[This post is part of a series, inspired by the book Why Men Lie and Women Cry (2003) by Allan & Barbara Pease. Previous entry: Chapter Six]
1. Why Do Women Talk So Much?
Again, the book claims this is a hangover from the old-timey days: “Women evolved in a group situation with other women and children all staying close to the cave. The ability to bond and to build close relationships was paramount to each woman’s survival. Men evolved silently sitting on a hill, searching for a moving target. When women engaged in any activity together, they would constantly chatter as a means of bonding. When males were hunting or fishing, no one talked for fear of startling the prey.” (p. 162) Consequently, “men use speech and language to communicate facts and data”, while “female ‘talk’ is used as a form of reward and to bond with another person.” (p. 163) Generally speaking, I think I’m a pretty good listener, and have always taken a woman’s desire to talk to me as a good sign… I mean, it’s better than them going “Ew!” and running away, right?
Apparently a female brain “can effortlessly output” 6000 – 8000 spoken words a day, while a male brain can only manage a puny 2000 – 4000 spoken words a day! (p.162) The suggestion being that by the time a couple come home from work, the man will have already exhausted his supply, while the woman still has plenty left to say. I can’t help thinking of Kelly from The Office (US), and the way that her co-workers desperately try to avoid getting trapped in a room with her yammering away at them. As I’ve said before, I find her incredibly endearing as a comedy character, and would totally hang out with her at the mall, but… um… actually, I probably do envy Ryan his relationship with her. The deleted scene where they’re rooting around in a dumpster for several minutes before she suddenly realises that she’s scared is one of the most adorable things ever!
Seriously though, the way this book tells it, you’d think that every woman in the world was a Kelly Kapoor, and every man was an Andy Bernard! Shudder.
The premise of this section is that men either distract themselves from a problem by watching flamy television sets, or they sit silently stewing over a problem, allowing it to corrode their body and soul like a leaky battery in an old watch. Women, on the other hand, relieve their stress by talking a problem “over and over, backwards and forwards and from every angle, without reaching any conclusions.” (p. 166) Which, I guess is where I’ve been going wrong all of these years. Dammit. Does keeping a blog count? An endless blog with no conclusion… will that add another seven years to my life? There’s always meditation and mantras, of course… right?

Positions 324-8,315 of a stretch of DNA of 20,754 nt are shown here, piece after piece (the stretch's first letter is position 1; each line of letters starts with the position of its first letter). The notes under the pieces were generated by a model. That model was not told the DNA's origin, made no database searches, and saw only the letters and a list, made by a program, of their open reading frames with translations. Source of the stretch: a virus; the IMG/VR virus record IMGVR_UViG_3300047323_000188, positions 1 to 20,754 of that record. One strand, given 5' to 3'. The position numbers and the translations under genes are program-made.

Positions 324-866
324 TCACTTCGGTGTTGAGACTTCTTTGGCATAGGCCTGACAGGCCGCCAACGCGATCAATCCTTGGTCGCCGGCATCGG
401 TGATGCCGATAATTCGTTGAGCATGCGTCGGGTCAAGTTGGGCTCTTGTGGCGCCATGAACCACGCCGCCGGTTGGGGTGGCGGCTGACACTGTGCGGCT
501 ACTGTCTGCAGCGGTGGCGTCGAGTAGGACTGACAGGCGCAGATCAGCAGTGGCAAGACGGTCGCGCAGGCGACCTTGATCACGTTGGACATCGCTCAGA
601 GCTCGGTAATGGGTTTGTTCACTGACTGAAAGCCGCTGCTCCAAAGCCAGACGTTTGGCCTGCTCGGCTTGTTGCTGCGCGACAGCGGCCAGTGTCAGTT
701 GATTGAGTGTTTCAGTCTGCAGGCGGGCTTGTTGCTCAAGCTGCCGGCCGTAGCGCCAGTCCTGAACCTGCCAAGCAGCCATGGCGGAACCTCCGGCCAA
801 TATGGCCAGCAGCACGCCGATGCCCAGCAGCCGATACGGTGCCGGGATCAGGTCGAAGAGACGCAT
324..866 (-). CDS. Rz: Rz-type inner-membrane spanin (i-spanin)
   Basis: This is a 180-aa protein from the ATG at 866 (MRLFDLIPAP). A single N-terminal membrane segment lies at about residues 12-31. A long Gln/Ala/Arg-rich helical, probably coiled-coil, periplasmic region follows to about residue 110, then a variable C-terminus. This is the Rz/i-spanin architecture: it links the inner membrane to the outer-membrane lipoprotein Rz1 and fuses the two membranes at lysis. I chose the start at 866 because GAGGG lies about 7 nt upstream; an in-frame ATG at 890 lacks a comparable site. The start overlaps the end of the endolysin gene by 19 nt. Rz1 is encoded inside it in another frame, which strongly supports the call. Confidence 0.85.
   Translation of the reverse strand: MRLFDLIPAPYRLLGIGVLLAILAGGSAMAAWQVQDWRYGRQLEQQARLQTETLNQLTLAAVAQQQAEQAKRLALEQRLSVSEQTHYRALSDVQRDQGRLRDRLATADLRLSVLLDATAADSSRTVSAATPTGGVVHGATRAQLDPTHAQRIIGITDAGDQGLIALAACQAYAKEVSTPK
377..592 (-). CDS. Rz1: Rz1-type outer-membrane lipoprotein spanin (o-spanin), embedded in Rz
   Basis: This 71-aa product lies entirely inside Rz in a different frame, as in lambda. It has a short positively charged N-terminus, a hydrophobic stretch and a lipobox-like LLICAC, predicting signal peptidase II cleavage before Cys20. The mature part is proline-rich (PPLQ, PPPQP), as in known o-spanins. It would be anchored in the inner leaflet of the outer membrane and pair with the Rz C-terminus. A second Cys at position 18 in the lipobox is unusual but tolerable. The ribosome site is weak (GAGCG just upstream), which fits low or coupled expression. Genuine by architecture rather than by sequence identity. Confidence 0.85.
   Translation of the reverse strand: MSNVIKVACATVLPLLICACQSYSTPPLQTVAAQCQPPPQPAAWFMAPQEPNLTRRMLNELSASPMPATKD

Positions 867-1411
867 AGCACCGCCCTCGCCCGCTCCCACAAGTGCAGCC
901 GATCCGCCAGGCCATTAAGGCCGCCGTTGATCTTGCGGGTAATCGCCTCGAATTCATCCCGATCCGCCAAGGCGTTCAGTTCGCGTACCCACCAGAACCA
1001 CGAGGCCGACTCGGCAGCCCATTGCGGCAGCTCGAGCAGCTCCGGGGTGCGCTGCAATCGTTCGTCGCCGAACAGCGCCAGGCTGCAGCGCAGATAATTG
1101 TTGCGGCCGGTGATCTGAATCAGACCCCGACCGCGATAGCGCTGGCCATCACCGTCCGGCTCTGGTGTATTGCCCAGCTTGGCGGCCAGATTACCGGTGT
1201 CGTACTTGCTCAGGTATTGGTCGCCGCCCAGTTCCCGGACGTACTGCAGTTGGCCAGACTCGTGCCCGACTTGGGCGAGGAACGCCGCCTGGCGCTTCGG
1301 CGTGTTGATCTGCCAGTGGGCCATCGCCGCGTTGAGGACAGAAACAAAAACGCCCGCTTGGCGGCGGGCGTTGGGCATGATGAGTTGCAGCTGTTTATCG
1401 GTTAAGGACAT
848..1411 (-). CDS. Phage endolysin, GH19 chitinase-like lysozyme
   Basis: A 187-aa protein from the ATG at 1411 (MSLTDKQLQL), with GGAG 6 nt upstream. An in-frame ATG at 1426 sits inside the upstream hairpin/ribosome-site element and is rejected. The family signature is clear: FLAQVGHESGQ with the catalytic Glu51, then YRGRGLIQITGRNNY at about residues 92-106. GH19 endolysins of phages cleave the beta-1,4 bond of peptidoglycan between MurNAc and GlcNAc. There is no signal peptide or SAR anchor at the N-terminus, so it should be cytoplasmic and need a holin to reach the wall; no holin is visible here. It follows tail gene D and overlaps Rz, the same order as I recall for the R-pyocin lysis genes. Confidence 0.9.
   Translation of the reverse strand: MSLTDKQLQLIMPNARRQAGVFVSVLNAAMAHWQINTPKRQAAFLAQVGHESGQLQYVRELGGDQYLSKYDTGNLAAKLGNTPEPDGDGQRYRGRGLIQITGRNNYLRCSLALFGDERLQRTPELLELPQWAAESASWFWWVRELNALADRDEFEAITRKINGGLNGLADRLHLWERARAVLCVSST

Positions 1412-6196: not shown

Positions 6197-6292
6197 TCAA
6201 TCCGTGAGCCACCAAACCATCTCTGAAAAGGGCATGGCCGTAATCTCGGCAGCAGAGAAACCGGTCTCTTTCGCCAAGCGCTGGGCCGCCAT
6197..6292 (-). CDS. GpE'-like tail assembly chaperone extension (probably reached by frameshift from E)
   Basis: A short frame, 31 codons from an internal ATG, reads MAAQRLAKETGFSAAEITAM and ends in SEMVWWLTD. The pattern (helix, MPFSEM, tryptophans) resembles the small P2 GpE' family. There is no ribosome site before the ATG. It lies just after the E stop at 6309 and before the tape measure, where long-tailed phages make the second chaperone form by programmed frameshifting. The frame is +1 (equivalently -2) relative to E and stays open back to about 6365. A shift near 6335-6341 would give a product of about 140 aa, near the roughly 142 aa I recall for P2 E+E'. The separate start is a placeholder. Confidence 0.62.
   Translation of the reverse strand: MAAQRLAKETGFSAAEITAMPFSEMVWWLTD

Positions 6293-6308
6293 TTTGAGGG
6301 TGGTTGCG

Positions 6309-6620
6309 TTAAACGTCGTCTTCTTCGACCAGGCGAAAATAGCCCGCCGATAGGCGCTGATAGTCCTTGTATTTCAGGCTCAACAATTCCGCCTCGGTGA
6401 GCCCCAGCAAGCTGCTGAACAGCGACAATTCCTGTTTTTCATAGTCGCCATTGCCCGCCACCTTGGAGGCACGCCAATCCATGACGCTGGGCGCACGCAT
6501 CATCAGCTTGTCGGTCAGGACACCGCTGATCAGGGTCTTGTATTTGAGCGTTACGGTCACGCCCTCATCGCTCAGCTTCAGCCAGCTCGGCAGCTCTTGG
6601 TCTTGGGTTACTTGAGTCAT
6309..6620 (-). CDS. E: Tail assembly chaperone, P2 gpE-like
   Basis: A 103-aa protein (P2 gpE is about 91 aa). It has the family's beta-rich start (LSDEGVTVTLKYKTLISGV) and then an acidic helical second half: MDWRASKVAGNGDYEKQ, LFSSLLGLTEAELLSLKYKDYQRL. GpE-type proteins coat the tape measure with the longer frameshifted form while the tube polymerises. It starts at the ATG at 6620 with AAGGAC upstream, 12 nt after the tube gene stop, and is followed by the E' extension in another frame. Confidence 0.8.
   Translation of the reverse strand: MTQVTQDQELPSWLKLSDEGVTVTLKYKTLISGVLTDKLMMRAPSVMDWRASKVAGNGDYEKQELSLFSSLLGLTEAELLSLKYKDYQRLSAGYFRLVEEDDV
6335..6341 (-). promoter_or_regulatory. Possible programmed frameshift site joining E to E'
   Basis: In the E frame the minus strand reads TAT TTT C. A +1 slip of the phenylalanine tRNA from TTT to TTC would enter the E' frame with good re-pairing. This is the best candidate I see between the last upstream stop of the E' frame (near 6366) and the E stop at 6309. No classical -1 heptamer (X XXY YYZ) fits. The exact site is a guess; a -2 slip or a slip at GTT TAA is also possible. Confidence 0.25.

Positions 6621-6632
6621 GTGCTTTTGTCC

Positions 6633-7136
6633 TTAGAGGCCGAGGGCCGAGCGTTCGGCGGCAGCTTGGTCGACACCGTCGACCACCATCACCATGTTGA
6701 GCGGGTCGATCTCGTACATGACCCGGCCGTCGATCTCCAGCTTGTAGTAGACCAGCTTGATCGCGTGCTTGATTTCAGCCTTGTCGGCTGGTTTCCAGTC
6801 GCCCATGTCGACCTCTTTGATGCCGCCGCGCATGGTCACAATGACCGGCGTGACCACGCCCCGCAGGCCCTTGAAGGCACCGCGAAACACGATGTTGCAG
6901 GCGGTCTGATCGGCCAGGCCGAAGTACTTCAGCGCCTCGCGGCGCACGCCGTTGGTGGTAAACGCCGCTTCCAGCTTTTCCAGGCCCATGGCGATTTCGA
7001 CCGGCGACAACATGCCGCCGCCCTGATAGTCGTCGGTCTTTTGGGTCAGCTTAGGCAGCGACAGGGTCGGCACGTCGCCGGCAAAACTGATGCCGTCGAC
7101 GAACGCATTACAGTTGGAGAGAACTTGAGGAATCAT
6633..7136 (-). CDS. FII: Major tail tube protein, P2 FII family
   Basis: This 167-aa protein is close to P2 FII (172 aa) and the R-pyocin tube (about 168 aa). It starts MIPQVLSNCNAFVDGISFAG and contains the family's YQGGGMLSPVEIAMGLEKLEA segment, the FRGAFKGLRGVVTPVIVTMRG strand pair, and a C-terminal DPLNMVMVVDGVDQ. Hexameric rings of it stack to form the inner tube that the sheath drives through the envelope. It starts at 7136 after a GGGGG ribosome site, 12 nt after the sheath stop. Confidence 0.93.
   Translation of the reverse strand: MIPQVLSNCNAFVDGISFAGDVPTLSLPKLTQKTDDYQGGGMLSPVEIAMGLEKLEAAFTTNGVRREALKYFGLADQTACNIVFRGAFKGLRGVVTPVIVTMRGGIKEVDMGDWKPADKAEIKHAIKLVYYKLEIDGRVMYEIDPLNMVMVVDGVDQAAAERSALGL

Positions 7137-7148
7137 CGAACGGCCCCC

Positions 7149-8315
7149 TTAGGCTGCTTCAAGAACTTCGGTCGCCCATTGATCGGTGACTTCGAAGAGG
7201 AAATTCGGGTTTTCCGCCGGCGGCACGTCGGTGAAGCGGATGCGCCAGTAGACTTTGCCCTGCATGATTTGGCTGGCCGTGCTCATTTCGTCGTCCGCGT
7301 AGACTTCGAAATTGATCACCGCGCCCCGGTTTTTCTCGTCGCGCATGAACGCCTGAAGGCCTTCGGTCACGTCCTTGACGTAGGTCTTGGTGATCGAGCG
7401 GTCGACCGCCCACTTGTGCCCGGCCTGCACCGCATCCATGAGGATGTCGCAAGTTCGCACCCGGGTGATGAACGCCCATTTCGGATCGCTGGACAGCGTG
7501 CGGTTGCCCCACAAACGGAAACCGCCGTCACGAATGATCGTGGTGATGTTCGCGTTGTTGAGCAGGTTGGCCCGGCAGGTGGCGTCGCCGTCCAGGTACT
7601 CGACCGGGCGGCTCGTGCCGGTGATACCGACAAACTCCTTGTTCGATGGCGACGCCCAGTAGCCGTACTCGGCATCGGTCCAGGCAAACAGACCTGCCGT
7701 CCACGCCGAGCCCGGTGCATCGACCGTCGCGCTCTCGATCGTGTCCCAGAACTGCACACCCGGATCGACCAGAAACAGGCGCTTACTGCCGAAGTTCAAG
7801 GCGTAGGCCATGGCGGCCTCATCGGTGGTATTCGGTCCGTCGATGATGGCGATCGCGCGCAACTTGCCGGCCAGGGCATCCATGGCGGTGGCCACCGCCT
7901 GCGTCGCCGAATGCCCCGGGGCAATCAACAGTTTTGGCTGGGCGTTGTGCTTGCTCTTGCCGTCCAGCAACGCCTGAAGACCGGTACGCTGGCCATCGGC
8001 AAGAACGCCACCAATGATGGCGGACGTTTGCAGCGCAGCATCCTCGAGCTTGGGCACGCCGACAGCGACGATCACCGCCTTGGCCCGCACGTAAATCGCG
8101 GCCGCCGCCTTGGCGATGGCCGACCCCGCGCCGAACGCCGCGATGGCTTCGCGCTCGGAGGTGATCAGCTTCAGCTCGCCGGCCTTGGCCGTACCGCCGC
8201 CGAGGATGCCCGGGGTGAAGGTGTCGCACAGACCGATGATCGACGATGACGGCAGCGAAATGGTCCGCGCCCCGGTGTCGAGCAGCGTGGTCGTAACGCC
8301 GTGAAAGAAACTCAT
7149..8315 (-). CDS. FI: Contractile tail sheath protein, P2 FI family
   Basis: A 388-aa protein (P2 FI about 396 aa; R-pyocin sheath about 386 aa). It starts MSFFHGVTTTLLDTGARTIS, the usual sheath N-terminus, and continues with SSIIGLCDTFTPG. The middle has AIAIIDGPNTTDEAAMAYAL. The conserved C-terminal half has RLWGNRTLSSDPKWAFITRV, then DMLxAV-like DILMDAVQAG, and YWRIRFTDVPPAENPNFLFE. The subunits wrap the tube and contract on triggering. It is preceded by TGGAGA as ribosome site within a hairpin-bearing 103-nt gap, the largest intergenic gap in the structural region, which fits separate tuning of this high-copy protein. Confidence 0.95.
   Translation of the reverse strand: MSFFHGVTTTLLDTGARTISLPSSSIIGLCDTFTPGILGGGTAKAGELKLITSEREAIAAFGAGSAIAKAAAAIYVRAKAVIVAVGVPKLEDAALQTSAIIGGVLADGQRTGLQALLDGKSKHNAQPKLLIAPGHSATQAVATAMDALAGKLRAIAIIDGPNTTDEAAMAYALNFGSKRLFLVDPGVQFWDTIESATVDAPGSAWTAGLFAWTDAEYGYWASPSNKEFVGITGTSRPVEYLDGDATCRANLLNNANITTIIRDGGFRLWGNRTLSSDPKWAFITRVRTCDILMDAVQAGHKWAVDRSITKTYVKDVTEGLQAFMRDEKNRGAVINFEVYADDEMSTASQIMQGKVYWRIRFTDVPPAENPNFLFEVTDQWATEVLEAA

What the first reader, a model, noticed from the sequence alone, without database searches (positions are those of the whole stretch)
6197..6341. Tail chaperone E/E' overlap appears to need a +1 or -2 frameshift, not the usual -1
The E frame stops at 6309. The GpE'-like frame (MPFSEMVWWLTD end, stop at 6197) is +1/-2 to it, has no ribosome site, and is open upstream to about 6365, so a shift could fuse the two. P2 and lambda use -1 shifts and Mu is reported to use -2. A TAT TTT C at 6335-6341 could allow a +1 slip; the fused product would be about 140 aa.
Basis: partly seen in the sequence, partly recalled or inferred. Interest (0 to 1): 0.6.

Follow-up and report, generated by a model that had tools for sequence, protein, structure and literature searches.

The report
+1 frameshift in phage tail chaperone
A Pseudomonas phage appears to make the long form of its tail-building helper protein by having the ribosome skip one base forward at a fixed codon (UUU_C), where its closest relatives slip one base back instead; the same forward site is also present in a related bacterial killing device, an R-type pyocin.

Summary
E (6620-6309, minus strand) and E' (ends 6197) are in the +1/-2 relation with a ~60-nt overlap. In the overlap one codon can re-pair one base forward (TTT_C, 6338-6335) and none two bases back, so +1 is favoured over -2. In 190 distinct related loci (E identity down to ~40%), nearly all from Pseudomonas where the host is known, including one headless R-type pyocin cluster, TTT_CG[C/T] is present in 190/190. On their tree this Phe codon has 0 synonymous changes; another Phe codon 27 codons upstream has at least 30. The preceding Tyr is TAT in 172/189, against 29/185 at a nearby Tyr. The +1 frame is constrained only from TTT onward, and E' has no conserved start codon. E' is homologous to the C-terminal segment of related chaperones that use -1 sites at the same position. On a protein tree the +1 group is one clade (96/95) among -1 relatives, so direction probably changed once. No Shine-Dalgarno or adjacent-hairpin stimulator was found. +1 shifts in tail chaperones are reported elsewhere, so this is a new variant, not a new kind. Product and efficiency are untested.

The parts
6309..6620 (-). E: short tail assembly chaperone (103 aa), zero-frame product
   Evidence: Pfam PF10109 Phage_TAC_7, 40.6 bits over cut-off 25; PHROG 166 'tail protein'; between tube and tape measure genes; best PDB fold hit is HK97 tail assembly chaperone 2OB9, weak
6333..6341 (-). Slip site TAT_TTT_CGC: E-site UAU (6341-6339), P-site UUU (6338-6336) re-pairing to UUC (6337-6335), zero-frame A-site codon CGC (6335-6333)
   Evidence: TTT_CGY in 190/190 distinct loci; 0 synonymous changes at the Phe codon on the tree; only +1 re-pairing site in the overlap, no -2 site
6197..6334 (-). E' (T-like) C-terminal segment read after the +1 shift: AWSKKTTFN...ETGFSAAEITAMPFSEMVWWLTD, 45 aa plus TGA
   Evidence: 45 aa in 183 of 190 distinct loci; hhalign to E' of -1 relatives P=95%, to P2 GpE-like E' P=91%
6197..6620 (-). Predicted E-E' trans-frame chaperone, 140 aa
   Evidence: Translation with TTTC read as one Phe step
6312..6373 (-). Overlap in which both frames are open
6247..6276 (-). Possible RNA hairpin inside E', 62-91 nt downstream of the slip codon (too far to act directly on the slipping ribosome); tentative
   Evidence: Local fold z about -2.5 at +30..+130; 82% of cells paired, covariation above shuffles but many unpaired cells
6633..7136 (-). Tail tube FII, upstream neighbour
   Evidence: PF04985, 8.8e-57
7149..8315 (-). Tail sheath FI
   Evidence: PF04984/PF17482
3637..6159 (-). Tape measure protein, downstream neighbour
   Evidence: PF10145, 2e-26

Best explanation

3. Why Do Women Exaggerate?
“Both men and women exaggerate. The difference is that men exaggerate facts and data while women exaggerate emotions and feelings” (p. 168) The book doesn’t actually answer the question it poses in the section title though… and when it referred to a woman claiming her partner “always” forgets something, or “never” remembers something else, I was reminded of the Teach Yourself Happiness book I’ve read, which stresses how important it is for everyone to curb that sort of exaggeration, because it’s basically just negative thinking. So there. I’m not exactly sure what the authors mean when they claim that women can perceive and communicate with “a range of five tones” of voice, while “men can only identify three” (p. 169), but it may explain why some women take against me as soon as I open my mouth to speak. They must be able to hear my desperation…
4. Why Do Women Never Seem to Get To The Point?
The general gist of this book’s insight into how men and women interact is that women are playing chess, while men are playing checkers. Women flit about like fairies, on wings made from “indirect speech” and multitasking, while men lumber along like ogres, with their intellectual knuckles dragging. The only solution offered is for women to learn how to talk down to a man’s level, especially in business: “Give him timetables, agendas, bottom line answers and deadlines… be direct with men… give them one thing at a time to consider.” (p. 175) And remember not to have any fancy staplers on display in the office when they visit, or they’ll just want to spend the entire meeting putting staples into paper, and giggling to themselves.
This is pretty much just an extension of the first question… women bonded closely with their cave-mates, in case their male partners didn’t come home from the hunt. “Her group of friends was like her insurance policy” (p 181), and so naturally she’d want to know as much about them as possible, partly for her own protection, and partly to cement the bond between them. Which doesn’t really explain why men were so happy to go off hunting with a bunch of random dudes they knew next-to-nothing about, and rely on them for protection from wild animals and the elements, simply because they could hold their fermented fruit and grain juices. Hmmm…
Next entry: Chapter Eight